over the Apalachicola Northern.
This will give the company three
engines on their 25-mile line.
. A unique bridge will be used
on the line where it crosses the
canal near White City. It will be
mounted on a huge steel barge
and 'the- rails will project, about
five feet at each end. When the
bridge is to. be, used it will be
floated into place and water let
into the barge, allowing the bridge
to sink into position, the project-
ing rails fitting into grooves in
two concrete abutments. After use
th water wll be umpedd from the
bgq .and- it will be allowed to
swit,: into a special mooring
The line, of the company's rail-
road follows the grade of the old
St. Joseph & Iola railroad, which
operated out of St.. Joseph in 1835,
and Basil E. Kinney of the lumber
and export company. states that a
number of the old ties have been
uncovered in laying the new line.
Mrs. Guy Little of Wewahitclika
was visiting friends in the city
P.-T. A. Carnival To
Whereas, Friday, November 11,
1938. marks the twentieth anni-
versary of the armistice between
the nations who were engaged
in the late World War and such
day should be observed with
suitable ceremony In honor and
memory of those who so bravely
fought for the preservation of
Whereas, Gulf County Post
No. 116, of the American Le-
gion has prepared and planned
an appropriate program and
exercises f or observance of
said Armistice Day arid have ex-
tended a cordial invitation to
the citizenry of our neighboring
cities to be wth us and join in
observing and commemorating
I said day; and,
Whereas, It is propeer and fit
that the entire citizenry of Port'
St. Joe should join with and as-
sist the local post of the. Ameri-
can Legion in making and caus-
ing November 11, 1938, to.be a
day of happiness and convi-
vality long to be remembered;
Therefore. I, J. L. Sharit, as.
Mayor of the City of Port St.
Joe. Florida, by virtue of the
authority in me vested, do here-
by proclaim and declare Friday,
November 11; 1938. a holiday
within the City of Port St. Joe,
and urgently request the busi-
ness houses and homes of the
city to prominently display the
flag of our nation arid make such'
appropriate decorations for the
In Witness Whereof, I have
hereunto set my hand and
caused the official seal of the
City.of Port St. Joe to be af-
fixed hereto, this 27th day of
October, A. D. 1938.
J. L. SHARIT.
Be Held Tomorrow
To Be Located On Reid Avenue
Between Second and Third
The -f~lf 'en carnival, being
sponsored bI: he Parent-Teacher
association promises to be one of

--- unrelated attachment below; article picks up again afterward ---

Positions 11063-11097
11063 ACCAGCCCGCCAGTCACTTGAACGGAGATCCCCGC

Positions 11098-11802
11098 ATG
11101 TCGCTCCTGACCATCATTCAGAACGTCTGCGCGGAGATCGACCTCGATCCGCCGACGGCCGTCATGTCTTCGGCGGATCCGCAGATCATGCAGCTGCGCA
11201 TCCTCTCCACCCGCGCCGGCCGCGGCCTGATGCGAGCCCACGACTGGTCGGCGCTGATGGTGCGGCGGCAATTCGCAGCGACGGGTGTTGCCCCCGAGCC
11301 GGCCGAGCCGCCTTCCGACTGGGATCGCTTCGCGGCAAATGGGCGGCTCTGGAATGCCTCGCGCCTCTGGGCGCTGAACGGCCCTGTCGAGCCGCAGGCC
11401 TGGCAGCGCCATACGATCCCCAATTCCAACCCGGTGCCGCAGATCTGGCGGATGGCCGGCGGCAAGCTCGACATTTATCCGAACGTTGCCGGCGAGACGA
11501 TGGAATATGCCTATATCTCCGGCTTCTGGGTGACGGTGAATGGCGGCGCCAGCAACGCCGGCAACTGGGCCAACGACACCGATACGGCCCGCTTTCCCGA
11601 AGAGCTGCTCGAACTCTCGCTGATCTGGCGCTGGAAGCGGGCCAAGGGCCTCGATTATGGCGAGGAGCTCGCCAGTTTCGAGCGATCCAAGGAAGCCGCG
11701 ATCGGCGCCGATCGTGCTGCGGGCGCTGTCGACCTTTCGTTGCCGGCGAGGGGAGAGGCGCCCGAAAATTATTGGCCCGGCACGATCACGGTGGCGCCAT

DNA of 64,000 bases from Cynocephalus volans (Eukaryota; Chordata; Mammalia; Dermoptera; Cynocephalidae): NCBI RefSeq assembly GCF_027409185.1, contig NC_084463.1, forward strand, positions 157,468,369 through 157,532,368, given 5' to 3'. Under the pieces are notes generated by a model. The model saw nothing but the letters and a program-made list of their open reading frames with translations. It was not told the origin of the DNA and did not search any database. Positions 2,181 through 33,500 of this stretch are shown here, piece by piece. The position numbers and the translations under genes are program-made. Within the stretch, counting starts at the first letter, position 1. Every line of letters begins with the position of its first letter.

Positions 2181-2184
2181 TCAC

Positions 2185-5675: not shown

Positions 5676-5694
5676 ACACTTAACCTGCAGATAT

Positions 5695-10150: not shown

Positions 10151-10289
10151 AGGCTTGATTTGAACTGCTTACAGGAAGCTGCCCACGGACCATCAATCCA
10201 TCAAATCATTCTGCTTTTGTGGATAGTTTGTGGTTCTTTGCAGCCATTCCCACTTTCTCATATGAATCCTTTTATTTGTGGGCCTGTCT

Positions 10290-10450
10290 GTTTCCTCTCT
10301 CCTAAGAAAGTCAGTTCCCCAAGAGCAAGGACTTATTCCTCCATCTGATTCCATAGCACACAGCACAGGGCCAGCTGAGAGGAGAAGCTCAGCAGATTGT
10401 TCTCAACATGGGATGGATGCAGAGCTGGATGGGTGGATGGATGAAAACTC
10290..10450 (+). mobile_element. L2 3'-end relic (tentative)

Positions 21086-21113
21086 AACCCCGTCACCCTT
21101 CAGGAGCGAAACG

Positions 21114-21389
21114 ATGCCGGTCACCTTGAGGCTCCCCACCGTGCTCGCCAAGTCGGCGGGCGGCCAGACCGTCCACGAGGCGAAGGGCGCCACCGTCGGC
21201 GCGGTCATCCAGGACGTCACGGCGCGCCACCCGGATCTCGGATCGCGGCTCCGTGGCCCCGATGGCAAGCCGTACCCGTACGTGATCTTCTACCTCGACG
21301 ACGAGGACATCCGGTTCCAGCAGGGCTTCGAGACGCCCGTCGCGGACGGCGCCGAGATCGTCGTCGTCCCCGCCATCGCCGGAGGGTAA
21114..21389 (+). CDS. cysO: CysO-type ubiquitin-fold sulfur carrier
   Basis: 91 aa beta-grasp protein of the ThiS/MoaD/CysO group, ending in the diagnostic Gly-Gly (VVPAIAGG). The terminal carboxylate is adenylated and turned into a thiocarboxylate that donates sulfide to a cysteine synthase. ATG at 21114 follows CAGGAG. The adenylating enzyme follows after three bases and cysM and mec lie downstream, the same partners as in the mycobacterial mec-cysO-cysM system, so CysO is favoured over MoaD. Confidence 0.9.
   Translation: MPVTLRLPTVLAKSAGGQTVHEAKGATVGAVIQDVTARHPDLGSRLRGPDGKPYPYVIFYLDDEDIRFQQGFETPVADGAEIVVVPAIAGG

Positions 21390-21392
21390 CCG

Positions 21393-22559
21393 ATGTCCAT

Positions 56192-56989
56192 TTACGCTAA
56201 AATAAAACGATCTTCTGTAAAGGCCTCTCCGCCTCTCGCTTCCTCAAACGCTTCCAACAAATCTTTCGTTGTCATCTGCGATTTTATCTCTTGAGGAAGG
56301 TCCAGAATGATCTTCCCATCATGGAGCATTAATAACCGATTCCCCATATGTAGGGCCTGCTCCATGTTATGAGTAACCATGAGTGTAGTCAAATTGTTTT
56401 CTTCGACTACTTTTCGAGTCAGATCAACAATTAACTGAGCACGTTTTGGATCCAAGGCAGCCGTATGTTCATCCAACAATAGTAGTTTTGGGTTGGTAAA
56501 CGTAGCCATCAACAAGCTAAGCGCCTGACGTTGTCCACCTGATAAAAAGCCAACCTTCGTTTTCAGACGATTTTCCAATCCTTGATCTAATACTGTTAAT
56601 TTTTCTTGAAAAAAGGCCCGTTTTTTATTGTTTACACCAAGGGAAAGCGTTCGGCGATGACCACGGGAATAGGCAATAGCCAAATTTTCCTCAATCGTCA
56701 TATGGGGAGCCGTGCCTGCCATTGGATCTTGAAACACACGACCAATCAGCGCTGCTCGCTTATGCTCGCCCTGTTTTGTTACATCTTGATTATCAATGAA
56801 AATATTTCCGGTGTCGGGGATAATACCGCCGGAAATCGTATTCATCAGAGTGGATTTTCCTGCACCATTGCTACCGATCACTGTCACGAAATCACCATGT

the' outstanding features of this
week's entertainment, Grounds se-
lected for thie event are the \a:
cant lots orn Reid aveniie betv.'en
the Suwanntee store building and
Shirey's care :
The para, which will take
place at 4 o'clock tomorrow after-
noon, will form at the park and
march down Monument avenue to
First stre~, o to Reid avenue,
down to Fi'th streett and back to
th'e c.arnuivai guIls. where coro-
nation of' the* .- $ will,be held.
The high school band will h et
the procession; followed by tbhe
queen and her court and all chil-
dren who are in costume. A prize
will be awarded for the most out-
On the grounds will be a num-
ber of booths offering eats and
drinks, which will be sponsored by
the churches and other organiza-
tions. School classes will also
have booths. The primary depart-
ment will offer King Tut's Tomb,
grades four, five and six will have
a rogue's gallery, exposing promi-
nent citizens of the city; the
seventh grade will operate a
bingo booth; eighth grade, penny
tossing; ninth grad.'-"ano pfer-form
of penny tossing; tenth grade,
basketball "free" throw; eleventh
grade, fortune telling; twelth
"grade, shooting gillrry. and ..the
faculty is sponsorin- :F golf doutrse
Nominated queens are Allah
Mae Darcey, 12th grade, Lillian
Chandler, 11th grade; Jphop.
Mae Baikcom, 10th; M1,reuet*e
Williams, 9th; Madeline Soderberg,
8th; Carolyn Baggett, 7th; Mary
Helen Gagniefx, 6th; Frenchie
Wooden, 5A; Wanda Mae Spencer,
5B; Sara Jo Costin, 4A; Lovala
Forehand. 4B; Peggy Hardy, 3A;
Wilma Wooden, 3B; Dolores Bran-
don, 2B; Peggy Gann, 2A.
The contest .will close today, no
one knowing what the outcome
will be, so everyone is urged to
attend the carnival, which opens
at 1:30 tomorrow afternoon, and
be present at the coronation of
the queen, which will be followed
by an entertaining program.
In the campaign urging the pub-
lice to greater use of the postal
facilities, the postoffice depart-
ment has designated the month of
November as "National Parcel
The parcel. post system was in-
qm'urated January 1, 1913; and in.
this, the 25th, -or silver anniver-
isry year of its establishment, it
is entirely fitting and appropriate .
that a program 'be arranged in ob-
servance of the occasion. During
the brief span since its inaugura-
tion, the revenue from parcel.post
is now second only to first class
Postmaster H. A. Drake states
that parcel post service is depend-
nhle. safe, convenient and of .low
cost for transportation. Mailings
may be on ordinary, insured or C.
O. D. basis..
The posters commemorating the 1
campaign, on display at the local
postoffice, express the keynote of
C. of C. Endorses
Work offity Dads
Ma'.tei. of Garbage Disposal is
Discussed: Si. New Members
Are"Taken into Body,
The Port'. St..,Joe Chamber of
Comme-ilte at ite meeting.-last, Fri-
day n'igrgl *fe Legion hall ,dis-
;: .s5sed plans for -be Centennial
and thhe tfotrt' being made by the
board of city commissioners to put
the affair overin a..big way. .t
wa? unanimously agreed that the
clianl,er should aid in every way
possible, and the foliolving reso:u-